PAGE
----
When we moved to Albuquerque in 2013, I thought, “Great, we’re at 5900 feet elevation, so summers shouldn’t be too hot.” My impression didn’t last beyond that first summer. It’s not Phoenix, but June in Albuquerque is warm enough that I’ve looked for cooler places to spend weekends, especially with last week’s 100+°F temperatures.
East Circle Trail, Hyde Memorial State Park, Sangre de Cristo Range
Yes, there are plenty of cooler places to drive to – Ojo Caliente and Abiquiu, Chama, Taos / Red River, the Southern Colorado high country around Durango and Pagosa Springs / Chimney Rock.
But all those spots are at least 2-4 hours away, and more like 7 hours for Colorado. Within 20 or 30 minutes, we’ve found several trails in the Sandias, the mountains forming Albuquerque’s eastern border. There are more just an hour away in the Sangre de Cristos east of Santa Fe. All these options take you up above 8,000 feet to beat the heat.
Claret Cup Cactus, Atalaya Mountain Trail, Santa Fe / Sangre de Cristo Range
Above Santa Fe
When the Cajete Fire rendered our favorite Valles Caldera trails inaccessible, we opted for something closer. Hyde Memorial State Park is in the Sangre de Cristos, with trails between 8600 and 9400 feet elevation. We started short and easy with the interpretive Girl Scout trail, where I discovered this Montane forest’s dominant oak species was Gambel’s Oak, to go with New Mexico’s Gambel’s quail. My sore knee felt OK, so we crossed the highway and walked through sparse pines and fir on the East Circle trail. The dappled shade and cool air were a welcome change from Albuquerque’s blast furnace.
Another option not as high up is the Atalaya Mountain trail from Santa Fe’s St. John’s College. You’ll get some cooling here, and views back down into Santa Fe. With the right conditions, you may also get brilliantly-blooming claret cup cactus.
Aspens, Tree Spring Trail, Sandia Mountains
Around the Corner from ABQ
The next day was still hot. So we drove around the corner to the east side of the Sandias, just 30 minutes from home. After a few false starts with trailheads and lack of parking, we paid our three bucks and got going on the Tree Spring Trail. This 3.8 mile out-and-back is mostly shaded, and sports pretty aspen groves mixed in with the ubiquitous Gambel’s Oak (funny how once you know what it is you see it everywhere), ponderosa pine and Douglas fir. As late as we were, we only walked about 0.8 miles in.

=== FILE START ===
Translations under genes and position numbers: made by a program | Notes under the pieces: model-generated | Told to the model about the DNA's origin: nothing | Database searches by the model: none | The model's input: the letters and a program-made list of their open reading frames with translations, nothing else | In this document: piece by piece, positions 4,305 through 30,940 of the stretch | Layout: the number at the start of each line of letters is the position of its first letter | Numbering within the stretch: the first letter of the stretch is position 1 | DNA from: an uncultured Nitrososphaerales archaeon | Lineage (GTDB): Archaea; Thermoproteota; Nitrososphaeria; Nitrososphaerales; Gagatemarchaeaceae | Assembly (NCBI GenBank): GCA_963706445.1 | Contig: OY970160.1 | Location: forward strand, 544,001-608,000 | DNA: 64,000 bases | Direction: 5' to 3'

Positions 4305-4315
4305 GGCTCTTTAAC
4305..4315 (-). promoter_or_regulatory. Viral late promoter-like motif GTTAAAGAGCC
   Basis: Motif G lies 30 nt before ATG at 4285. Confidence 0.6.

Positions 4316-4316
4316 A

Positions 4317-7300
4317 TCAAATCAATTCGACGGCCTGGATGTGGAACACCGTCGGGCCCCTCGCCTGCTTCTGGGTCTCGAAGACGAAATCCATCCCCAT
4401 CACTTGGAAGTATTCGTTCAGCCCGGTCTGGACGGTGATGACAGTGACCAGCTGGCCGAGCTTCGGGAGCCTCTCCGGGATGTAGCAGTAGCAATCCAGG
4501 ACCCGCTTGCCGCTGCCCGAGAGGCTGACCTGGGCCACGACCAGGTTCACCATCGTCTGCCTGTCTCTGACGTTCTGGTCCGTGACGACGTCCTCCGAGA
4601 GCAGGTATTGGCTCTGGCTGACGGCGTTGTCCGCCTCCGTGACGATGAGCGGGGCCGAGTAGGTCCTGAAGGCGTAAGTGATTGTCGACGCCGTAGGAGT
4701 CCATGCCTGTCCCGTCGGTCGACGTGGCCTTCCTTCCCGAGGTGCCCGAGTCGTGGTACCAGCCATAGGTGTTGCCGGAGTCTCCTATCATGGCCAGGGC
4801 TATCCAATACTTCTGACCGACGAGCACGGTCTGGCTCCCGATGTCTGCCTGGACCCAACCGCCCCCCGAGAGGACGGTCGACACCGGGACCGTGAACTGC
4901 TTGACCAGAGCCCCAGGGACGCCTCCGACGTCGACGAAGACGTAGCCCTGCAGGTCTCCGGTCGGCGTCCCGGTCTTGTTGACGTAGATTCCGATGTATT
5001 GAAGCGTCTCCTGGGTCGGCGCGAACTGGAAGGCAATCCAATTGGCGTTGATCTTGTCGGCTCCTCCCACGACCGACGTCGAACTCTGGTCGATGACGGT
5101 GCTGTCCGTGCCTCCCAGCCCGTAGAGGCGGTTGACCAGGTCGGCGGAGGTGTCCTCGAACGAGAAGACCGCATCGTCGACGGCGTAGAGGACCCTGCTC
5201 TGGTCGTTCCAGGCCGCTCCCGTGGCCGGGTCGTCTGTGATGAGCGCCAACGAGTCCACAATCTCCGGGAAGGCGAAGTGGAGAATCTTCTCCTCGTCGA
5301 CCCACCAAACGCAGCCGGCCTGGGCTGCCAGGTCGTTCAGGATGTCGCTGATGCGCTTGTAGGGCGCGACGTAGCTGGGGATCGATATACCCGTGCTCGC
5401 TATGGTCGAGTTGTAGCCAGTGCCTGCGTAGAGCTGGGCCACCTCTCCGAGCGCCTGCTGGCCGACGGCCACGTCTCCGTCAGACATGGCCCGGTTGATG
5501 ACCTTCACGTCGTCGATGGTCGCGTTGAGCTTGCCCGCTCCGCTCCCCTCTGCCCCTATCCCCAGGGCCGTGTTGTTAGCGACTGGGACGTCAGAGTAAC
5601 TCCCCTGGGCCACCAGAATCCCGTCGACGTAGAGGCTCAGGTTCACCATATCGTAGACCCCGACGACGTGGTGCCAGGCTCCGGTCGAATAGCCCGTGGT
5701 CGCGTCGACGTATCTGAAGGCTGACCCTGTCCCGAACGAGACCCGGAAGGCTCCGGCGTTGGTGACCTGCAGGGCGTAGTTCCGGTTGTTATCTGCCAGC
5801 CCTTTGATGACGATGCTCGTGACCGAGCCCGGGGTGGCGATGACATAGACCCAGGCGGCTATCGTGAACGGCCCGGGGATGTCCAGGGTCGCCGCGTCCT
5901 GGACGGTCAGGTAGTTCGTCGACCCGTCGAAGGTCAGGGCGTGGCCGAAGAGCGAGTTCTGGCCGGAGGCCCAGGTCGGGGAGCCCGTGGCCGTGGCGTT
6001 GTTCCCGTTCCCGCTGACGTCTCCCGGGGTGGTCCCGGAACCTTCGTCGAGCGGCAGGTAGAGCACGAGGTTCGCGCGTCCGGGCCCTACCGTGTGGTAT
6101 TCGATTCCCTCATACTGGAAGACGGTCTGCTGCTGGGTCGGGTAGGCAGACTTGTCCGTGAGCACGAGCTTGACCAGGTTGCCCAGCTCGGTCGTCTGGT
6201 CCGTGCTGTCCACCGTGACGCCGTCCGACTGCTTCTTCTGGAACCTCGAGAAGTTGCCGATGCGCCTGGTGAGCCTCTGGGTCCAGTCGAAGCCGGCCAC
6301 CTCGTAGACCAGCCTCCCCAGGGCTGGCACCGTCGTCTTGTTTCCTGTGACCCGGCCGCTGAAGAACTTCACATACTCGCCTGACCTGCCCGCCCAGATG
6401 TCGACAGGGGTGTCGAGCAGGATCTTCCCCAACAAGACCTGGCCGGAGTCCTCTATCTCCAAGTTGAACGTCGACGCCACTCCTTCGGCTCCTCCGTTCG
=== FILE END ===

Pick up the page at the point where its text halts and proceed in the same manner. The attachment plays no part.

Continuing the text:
On the trail to Travertine Falls, Sandia Mountains
Another option in the eastern Sandias is the Travertine Falls trail. The name can be deceiving – we expected a true falls, however small. All we got in late May 2017 was a garden hose trickle dribbling over a rock. But the walk through cooling mixed forest was worth it, especially up the intersecting Faulty trail. That teased us with views of craggy summits through the trees. Once again, though, another previously-scheduled engagement had us turning around and heading back before we broke out of the canopy.
Mountain tease, Faulty Trail, Sandia Mountains
Even with all the late starts, these trails were relaxing. Now that we know what’s up there, we’ll be back.
I carried the EOS 5D mk II camera with 24-70mm f/2.8L lens, and the Fuji X-E2 camera with FD 100-300mm f/5.6L. The FD lens is manual focus. I use highlight focus peaking to make it easier with the X-E2, but it isn’t always easy to tell where the sharpness is. Narrow depth of field helps initially. But judging depth of field in a near-field shot with lots of detail is tough, especially with anything wider than 35mm. The FD 100-300mm focuses beyond infinity to allow for thermal effects on different materials, so you can’t just turn the ring to an infinity stop and forget it for distant shots either.
And autofocus doesn’t automatically solve everything. The claret cup cactus was a major closeup challenge at a 35mm focal length on the 24-70mm. I had to decide which bloom was most important, and stop down enough to get most of the other blossoms close to sharp. You don’t always see it all using depth of field preview through an optical viewfinder.
It’s also easy to blow out deeply-saturated highlights on well-lit blooms. One way to solve this is shooting raw, with most dSLR and mirrorless cameras giving you a 14-bit contrast range. That’s 64 times more forgiving than JPEG’s 8-bit range. I also underexpose 1/3 to a full stop, shooting multiple bracketed exposures so I have choices later. But experience helps me nail it – you have a feel for what works after shooting a few thousand exposures.
1. Hyde Memorial State Park, accessed from http://www.emnrd.state.nm.us/spd/hydememorialstatepark.html
2. Hyde Memorial State Park map, accessed from http://www.emnrd.state.nm.us/spd/documents/HMparkmap.pdf
3. Atalaya Mountain Trail, accessed from https://www.alltrails.com/explore/trail/us/new-mexico/tree-spring-trail–2
5. Travertine Falls, accessed from https://www.alltrails.com/explore/trail/us/new-mexico/travertine-falls
6. The Holdridge life zones of the conterminous
United States in relation to ecosystem mapping, accessed from https://www.fs.fed.us/global/iitf/pubs/ja_iitf_1999_lugo002.pdf
7. Claret Cup Cactus, accessed from http://trailmob.com/field-guides/flora/cacti-yucca/claret-cup-cactus